TiO2 networks exhibited enhanced photocatalytic activity com- paredw itht he TiO2 networkstemplatedby eggshell membranes.14 BC pellicleswerefirst prepared by staticcultureof Suzhousweet wine koji containing multiple species of acetic acid bacteria in 10 wt%glucose solutionat roomtemperaturefor 30 days.The BC pellicles (y5 m in thickness) formed at the air/liquid interface werewashedwithwater,cutintopieces(about2 cm 6 2c m),a nd purifiedin 0.2M NaOH solutionat 100 uC for 3 h. Afterwashing with water thoroughly, the BC pellicles were dehydrated and transferred into isopropanol via a gradual solvent exchange process14 and the resultantBC membranes (y1m m int hickness) were stored in isopropanol prior to use. For the sol-gel titania coating, the BC membranes were dipped into a closed vessel containing a solution of tetra-n-butyltitanium,acetylacetone and isopropanol with a volumeratioof 1 : 0.4 : 19 for 24 h. Then, the membranes were filtered under reduced pressure to remove solution held in the membranes and held in air at room temperature for 48 h to complete the hydrolysis reaction. Finally, the obtained BC–titaniahybrid membranes were heated at 500 uC in air for 6 h, resultingin the formation of crystalline titaniathin films (y0.2 m in thickness).

The samples were characterized by scanning electron microscopy (SEM,F EI STRATAD B235,1 0k V),t ransmissione lectron microscopy (TEM, JEOL JEM 200CX, 160 kV), high-resolution TEM (HRTEM, FEI TECNAI F30, 300 kV), X-ray powder diffraction (XRD, Rigaku Dmax-2000, Cu Ka) and nitrogen adsorption–desorptionmeasurements(Micromeritics ASAP2010). The photocatalytic activity of the obtained porous titania films was characterized by measuring the titania-assisted photodegradation of the xanthene dye Rhodamine B,2 with the eggshell membrane-templatedtitania filmse mployeda sac ontrols ample for comparison.The titaniafilms were broken into smallerpieces (y100 m) and suspensions containing the titania photocatalysts (100 mg L21) and Rhodamine B (y1025 M) were placedin the dark for 30 min beforeilluminationto allowsufficientadsorption of Rhodamine B. The stirredsuspensions were illuminated with a 250 W high-pressure mercury lamp 25 cm high over the solution*liminqi@pku.edu.cn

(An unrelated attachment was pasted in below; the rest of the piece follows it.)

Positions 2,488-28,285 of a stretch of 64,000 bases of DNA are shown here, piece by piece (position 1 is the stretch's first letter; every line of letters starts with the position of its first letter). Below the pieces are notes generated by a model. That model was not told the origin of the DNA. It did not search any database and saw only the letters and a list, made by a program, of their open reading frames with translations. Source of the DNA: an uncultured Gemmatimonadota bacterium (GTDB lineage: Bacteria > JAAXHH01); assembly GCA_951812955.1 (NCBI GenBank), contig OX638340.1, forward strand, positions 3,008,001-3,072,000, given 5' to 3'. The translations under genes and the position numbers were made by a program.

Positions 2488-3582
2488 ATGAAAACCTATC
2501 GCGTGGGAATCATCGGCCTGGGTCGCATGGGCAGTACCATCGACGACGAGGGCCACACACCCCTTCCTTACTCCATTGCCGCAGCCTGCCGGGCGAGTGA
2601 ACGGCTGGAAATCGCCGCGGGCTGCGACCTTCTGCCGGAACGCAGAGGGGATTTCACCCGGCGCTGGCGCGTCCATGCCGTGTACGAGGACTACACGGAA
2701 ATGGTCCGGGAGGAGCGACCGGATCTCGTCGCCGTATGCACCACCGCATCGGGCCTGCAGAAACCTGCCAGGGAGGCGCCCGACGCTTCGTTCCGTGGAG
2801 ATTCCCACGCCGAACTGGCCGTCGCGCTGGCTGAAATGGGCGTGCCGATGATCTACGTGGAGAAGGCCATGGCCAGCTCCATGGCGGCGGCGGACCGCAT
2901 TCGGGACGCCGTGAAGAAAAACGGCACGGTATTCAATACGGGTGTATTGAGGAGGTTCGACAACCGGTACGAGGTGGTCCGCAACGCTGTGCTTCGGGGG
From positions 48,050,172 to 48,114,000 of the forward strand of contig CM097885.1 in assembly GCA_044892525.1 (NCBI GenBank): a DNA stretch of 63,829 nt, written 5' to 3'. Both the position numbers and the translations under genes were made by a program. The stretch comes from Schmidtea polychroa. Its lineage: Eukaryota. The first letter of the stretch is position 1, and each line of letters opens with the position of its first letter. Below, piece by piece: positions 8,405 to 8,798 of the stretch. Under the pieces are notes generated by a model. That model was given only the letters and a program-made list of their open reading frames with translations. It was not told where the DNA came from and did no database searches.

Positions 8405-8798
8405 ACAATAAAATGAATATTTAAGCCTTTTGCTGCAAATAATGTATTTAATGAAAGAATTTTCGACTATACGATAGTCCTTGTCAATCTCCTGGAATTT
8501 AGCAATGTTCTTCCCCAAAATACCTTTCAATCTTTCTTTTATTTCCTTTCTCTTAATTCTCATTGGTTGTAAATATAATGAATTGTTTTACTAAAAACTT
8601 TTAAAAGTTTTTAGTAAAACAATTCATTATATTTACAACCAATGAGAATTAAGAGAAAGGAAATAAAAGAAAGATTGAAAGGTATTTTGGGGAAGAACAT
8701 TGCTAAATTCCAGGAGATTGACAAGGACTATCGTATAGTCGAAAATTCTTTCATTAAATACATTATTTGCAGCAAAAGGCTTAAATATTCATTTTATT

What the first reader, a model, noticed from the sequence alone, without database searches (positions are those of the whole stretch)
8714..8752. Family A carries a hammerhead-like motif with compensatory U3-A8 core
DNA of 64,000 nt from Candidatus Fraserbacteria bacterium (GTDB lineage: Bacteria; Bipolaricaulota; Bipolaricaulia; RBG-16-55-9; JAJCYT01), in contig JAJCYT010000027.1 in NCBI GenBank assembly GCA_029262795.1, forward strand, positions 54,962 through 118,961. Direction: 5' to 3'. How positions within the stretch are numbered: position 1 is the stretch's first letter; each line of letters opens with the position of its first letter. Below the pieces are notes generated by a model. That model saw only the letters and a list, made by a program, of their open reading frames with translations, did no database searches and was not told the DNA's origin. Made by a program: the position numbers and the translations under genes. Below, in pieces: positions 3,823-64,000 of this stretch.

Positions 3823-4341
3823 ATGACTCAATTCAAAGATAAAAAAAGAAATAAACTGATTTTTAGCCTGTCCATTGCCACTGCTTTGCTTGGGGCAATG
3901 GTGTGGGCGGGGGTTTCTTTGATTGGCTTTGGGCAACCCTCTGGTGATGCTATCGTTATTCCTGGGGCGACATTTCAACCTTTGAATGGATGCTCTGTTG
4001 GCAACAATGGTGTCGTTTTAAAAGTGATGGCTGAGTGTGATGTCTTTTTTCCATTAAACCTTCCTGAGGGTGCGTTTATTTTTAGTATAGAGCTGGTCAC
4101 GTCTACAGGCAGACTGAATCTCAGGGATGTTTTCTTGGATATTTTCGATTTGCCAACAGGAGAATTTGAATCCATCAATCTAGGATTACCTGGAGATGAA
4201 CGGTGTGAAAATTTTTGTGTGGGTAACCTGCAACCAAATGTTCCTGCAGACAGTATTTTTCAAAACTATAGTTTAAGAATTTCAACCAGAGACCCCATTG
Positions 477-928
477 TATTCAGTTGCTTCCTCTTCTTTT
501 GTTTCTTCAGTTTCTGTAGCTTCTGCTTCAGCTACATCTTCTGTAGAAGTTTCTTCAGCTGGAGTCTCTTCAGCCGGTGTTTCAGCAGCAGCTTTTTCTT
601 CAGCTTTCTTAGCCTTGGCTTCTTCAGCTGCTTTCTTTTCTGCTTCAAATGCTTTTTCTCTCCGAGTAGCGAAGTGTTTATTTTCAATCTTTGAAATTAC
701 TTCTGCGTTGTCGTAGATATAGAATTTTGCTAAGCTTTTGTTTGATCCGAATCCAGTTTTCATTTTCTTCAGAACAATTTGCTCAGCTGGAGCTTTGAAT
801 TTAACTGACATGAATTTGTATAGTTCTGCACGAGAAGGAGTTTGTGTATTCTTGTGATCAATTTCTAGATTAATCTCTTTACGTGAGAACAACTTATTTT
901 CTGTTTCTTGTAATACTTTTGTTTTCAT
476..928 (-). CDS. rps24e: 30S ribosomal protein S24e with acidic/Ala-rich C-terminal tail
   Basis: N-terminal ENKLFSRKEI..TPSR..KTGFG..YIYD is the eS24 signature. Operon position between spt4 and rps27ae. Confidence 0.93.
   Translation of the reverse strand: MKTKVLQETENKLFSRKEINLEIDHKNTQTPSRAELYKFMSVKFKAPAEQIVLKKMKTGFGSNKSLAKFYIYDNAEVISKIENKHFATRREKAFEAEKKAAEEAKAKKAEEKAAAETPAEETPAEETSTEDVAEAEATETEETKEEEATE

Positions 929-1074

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This journal is The Royal Society of Chemistry 2005 Chem. Commun., 2005, 2735–2737 | 2735 andthechangeofthe RhodamineB concentrationwithirradiation time was monitored by measuring the UV-vis absorption of the suspensions centrifuged to remove titaniaat differentperiods.

The SEM image shownin Fig. 1a gives an overview of the BC membranetemplate, whichsuggeststhattheBC membranehasan ultrafine network structurecomprisinginterwovennanofiberswith diameters less than 100 nm, which is much smaller than the diameters of typical plant cellulose bundles (y10 m). An enlarged image presented in Fig. 1b shows that the nanofibers generallyadopt a ribbon-like morphology with widths 40–100 nm and thickness y10 nm. It is noted that the high-magnification imageis not veryclear due to the poor conductivityof the organic substance; however, the image quality can be largely improved after the BC membranes are coated with titania. As shown in Fig. 1c, a typicalSEM imageof theBC–titaniahybrid membranes clearly exhibits interconnected ribbon-likenanofibers that faithfully replicate the morphology of the original BC template. Thermogravimetric analysis (TGA) of the BC–titania hybrid membranessuggested that the BC template started pyrolyzing at y280 uC and was completely pyrolyzed by 500 uC, leaving9 wt% inorganicsolid. Aftercalcination at 500 uC to remove thetemplate, porous titania networks comprising interwoven nanowires typically 20–30 nm in diameter were obtained (Fig. 1d). It was indicated that considerable shrinkage occurred during template removal and the original ribbon-like morphology was not preserved probably due to the very thin thickness of the ribbons.